Horrible Bosses (2011)


Dave’s 3-Word Review:
Genuinely pretty funny.

As much as I love comedies, they are really hard to laugh at sometimes because jokes nowadays are almost never truly good. Most comedies really just have the audience chuckling here and there, but most of the jokes turn out dry. I did watch Horrible Bosses when it first came out, but for whatever reason I never reviewed it. Now that there’s a sequel in our midst, I decided to at least get around to reviewing where it all started.

Horrible Bosses is about three employees who really hate their respective bosses. One boss is just a flat out jerk, another is an immature crack-head, and the third one is a female boss that sexually harasses her employee, which apparently is the worst thing in the world. Each situation is making their jobs and personal lives worse, so they each plot to kill each other’s bosses. Things get a little complicated though when one of the bosses kills the other and the police immediately look at the employees.

I found this film even funnier the second viewing, which for so many comedies is a rarity. It’s actually got a similar plot to the classic comedy Office Space but with more ridiculousness. Did it really need three bosses and three employees? Not at all, but in doing so, it created a good sense of comedic chemistry between our leading actors. When you deal with comedy, sometimes it’s just a good idea to have the actors bounce jokes off each other – if they have good chemistry, you have winning comedic material…and it was kind of a jackpot here. Also, by splitting the film into three separate but similar storylines, it created a break in one really long and potentially boring story. Honestly, it just felt really balanced in terms of what it was ultimately going for.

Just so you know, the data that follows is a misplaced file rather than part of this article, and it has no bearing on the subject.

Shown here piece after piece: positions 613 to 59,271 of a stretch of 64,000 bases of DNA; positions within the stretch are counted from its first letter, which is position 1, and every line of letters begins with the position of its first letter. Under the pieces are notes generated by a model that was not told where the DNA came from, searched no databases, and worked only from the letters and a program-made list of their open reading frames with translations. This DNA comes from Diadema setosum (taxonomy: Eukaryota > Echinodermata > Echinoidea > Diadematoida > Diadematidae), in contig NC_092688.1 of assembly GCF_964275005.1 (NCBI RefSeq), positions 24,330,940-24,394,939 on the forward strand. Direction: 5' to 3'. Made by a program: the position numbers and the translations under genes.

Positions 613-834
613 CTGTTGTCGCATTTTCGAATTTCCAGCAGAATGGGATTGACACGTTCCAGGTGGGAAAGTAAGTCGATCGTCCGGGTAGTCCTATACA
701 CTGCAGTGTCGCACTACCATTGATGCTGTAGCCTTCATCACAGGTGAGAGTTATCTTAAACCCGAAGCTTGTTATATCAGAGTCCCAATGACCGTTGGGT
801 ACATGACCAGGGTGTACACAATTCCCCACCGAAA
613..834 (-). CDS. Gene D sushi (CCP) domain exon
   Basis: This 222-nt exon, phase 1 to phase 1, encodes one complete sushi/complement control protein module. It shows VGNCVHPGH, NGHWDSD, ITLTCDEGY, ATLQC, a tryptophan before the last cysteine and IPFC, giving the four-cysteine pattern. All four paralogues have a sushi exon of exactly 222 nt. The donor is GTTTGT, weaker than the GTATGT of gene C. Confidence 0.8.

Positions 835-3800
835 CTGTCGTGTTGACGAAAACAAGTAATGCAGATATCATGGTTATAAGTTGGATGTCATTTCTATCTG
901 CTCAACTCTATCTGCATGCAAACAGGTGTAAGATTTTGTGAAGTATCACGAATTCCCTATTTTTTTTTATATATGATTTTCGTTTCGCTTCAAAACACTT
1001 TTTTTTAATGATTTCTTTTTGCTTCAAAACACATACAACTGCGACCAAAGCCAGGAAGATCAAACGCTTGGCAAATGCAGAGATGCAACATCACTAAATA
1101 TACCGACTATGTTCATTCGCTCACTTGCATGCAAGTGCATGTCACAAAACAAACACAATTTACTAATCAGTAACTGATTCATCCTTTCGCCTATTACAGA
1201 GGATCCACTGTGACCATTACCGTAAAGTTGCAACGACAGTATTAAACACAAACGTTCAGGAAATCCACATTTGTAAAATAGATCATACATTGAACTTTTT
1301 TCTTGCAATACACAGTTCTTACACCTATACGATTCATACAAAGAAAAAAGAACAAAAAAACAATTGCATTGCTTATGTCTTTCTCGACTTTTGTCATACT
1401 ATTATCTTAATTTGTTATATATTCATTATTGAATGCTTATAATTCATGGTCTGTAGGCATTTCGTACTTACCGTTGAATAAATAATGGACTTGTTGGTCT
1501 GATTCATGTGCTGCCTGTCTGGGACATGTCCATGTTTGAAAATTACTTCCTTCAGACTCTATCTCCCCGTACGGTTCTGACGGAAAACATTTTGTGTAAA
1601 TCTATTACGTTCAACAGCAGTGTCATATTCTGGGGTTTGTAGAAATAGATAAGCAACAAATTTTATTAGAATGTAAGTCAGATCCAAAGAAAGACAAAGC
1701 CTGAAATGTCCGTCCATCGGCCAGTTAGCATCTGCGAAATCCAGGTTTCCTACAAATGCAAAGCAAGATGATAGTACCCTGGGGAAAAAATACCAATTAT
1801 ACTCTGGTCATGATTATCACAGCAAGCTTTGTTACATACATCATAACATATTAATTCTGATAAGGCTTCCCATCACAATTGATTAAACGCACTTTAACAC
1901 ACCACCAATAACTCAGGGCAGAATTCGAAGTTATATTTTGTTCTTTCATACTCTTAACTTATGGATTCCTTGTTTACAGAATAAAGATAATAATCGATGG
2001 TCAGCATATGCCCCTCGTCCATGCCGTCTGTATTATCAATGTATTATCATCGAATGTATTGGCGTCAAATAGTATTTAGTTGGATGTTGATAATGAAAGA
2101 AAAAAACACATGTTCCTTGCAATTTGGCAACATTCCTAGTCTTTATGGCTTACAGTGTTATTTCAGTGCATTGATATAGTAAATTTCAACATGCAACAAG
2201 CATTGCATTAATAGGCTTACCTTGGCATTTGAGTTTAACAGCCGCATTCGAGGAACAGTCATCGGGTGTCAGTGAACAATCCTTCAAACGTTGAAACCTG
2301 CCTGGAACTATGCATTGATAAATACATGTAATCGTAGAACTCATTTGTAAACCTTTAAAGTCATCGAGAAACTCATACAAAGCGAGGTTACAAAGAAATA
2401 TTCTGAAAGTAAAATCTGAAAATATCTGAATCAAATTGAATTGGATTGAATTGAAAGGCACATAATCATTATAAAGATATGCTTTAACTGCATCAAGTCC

This is more or less a senseless screwball comedy. It’s not completely random for no good reason – it’s got a good direction, but the entire plot when you think about it – is over-the-top. People may think about killing their bosses as a joke to one another, but the way these three reacted to the actual idea of murder would be considered pathologically psychotic in real life – and that’s when the viewer has to remember that it’s just a movie – and it’s not attempting to mimic life. It’s just aiming for laughs. There’s no real emotional scenes, so there’s not really a good balance between comedy and drama…which is potentially hurtful for many comedies…but not this one. It draws a lot of its strength purely on these guys comedic chemistry with one another.

Before I watched it a second time, I was confused and surprised at the very existence of the sequel. I haven’t seen it yet, but I had no idea as to why it was a thing in the first place. Sure, the first movie was really funny, but the story was done with…there was no need to further it. That’s when I realized that a sequel would be pretty good if the characters were in it. The audience really loves these guys, and we could watch them discuss fast food and politics for three hours and it would probably be a riot. That’s the main reason why I’m looking forward to actually seeing the sequel.

To be fair, there’s not a lot you can say about the movie past “it’s funny”, because it doesn’t really have too much else going for it. The plot was solid for what it’s worth, but there’s not actually any heart to the thing. I believe whole-heartedly that good comedic movies need more than a funny exterior…they need heart so you can care about the characters long after the movie ends. And that’s why I’m a little apprehensive about watching the sequel. When you don’t have heart, you just have more of the same comedy…which removes an actual reason to watch it…so we’ll see.

The Good:

What can I say? Horrible Bosses has some of the funniest and most memorable lines I’ve seen from a comedy in a long time. “THEY FOUND THE POOP BRUSH!”

The Bad:

There’s just no real heart or soul to the movie. The comedy is absolutely hilarious, but what good is that if there’s no glue for the rest of it? Especially for sequels – if you don’t have any real character development, the sequel will have no other choice than to just make some more of the same jokes – which is where many comedies fail – so we’ll see.

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